“Things like invasive species, where fish eat, what they eat – it’s all related,” she said. “So the source is a very important part, but the ecological aspects of these fish are also important because it dictates how much you can eat of each different species of fish, and which you cannot.”

As a result, ending pollution is simply not enough.

“If you stopped all the pumps today in the United States, the fish wouldn’t go to zero. This is not what I am saying. It’s too complex for that, ”said Lepak. “But I think you would see, I know you would see, an immediate response in the fish here. An improvement in these fisheries.

Although invasive species and pollution are known to impact mercury levels, the question remains whether large fluctuations in water levels make the problem worse.

The impact of massive changes in Great Lakes water levels in recent years on mercury levels has not been closely studied. Nonetheless, it could be a contributing factor, said Carl Watras, a researcher in the Wisconsin Department of Natural Resources.

Watras studied the impact of water levels on mercury amounts in inland lakes in the Great Lakes region. Monitoring changes in mercury levels in fish and loons in hundreds of Wisconsin lakes over the course of 30 years, he found that water and mercury levels fluctuate together.

But the question of whether this applies to fluctuating mercury levels in fish from the five Great Lakes is still open and needs further study, he said.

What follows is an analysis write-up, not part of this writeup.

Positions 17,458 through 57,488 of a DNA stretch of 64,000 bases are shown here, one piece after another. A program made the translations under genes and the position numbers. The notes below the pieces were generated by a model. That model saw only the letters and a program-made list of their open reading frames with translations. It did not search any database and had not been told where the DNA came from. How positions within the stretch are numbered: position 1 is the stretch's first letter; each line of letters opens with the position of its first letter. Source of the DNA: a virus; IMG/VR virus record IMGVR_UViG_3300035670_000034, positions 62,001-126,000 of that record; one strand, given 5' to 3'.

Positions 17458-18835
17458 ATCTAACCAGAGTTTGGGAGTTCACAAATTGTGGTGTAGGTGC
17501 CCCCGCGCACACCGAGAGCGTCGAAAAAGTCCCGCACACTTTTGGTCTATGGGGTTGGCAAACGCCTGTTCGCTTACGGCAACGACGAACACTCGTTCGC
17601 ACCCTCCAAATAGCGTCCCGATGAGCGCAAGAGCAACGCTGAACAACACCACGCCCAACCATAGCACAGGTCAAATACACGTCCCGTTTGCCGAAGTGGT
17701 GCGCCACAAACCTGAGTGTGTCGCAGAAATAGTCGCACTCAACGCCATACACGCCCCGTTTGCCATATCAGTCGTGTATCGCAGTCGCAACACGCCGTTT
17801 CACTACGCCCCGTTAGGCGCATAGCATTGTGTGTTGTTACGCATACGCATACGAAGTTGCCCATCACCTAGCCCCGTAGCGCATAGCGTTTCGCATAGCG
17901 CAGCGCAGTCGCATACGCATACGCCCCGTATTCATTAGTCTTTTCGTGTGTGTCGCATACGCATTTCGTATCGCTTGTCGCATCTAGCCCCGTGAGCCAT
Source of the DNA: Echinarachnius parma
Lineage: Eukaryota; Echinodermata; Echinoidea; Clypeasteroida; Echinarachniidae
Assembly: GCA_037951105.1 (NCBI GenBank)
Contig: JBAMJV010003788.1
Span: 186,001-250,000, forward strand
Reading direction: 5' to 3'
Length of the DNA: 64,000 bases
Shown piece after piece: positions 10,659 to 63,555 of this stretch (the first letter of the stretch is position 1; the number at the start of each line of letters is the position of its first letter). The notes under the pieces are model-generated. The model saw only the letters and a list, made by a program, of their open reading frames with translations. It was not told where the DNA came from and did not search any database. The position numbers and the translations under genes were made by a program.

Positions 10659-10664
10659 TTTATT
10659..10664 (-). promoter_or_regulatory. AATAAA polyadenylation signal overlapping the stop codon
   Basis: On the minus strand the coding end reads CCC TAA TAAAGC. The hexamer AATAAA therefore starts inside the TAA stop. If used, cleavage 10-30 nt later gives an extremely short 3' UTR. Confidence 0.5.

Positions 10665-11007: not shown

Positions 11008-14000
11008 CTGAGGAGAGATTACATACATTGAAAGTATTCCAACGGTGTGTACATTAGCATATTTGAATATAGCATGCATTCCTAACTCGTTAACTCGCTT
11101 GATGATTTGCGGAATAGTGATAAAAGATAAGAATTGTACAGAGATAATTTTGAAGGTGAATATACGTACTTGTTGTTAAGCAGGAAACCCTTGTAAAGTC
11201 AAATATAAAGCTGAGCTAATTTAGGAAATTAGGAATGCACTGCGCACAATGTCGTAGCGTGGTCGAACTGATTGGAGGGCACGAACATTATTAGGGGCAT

“I probably wouldn’t bet one way or the other,” he said. “It’s probably because the effects of the water level change in these large lakes, in the critical zone … it’s smaller than on the inland lakes.”

Lepak believes water levels are of little relevance to mercury in Great Lakes fish. The process that creates methylmercury, the mercury that is actually found in fish, can have a greater impact in small lakes. Instead, he said that you really need to focus on how the ecosystem is changing and the size of the fish.

“These ecosystems are actually great, perfectly clean for the mercury, but all the other factors are against the fish,” he said.

More from MLive:

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Michigan’s dying commercial fishing industry fears state bills may be the last nail in the coffin

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Trump presents himself as the champion of the Great Lakes, but his policies can do lasting damage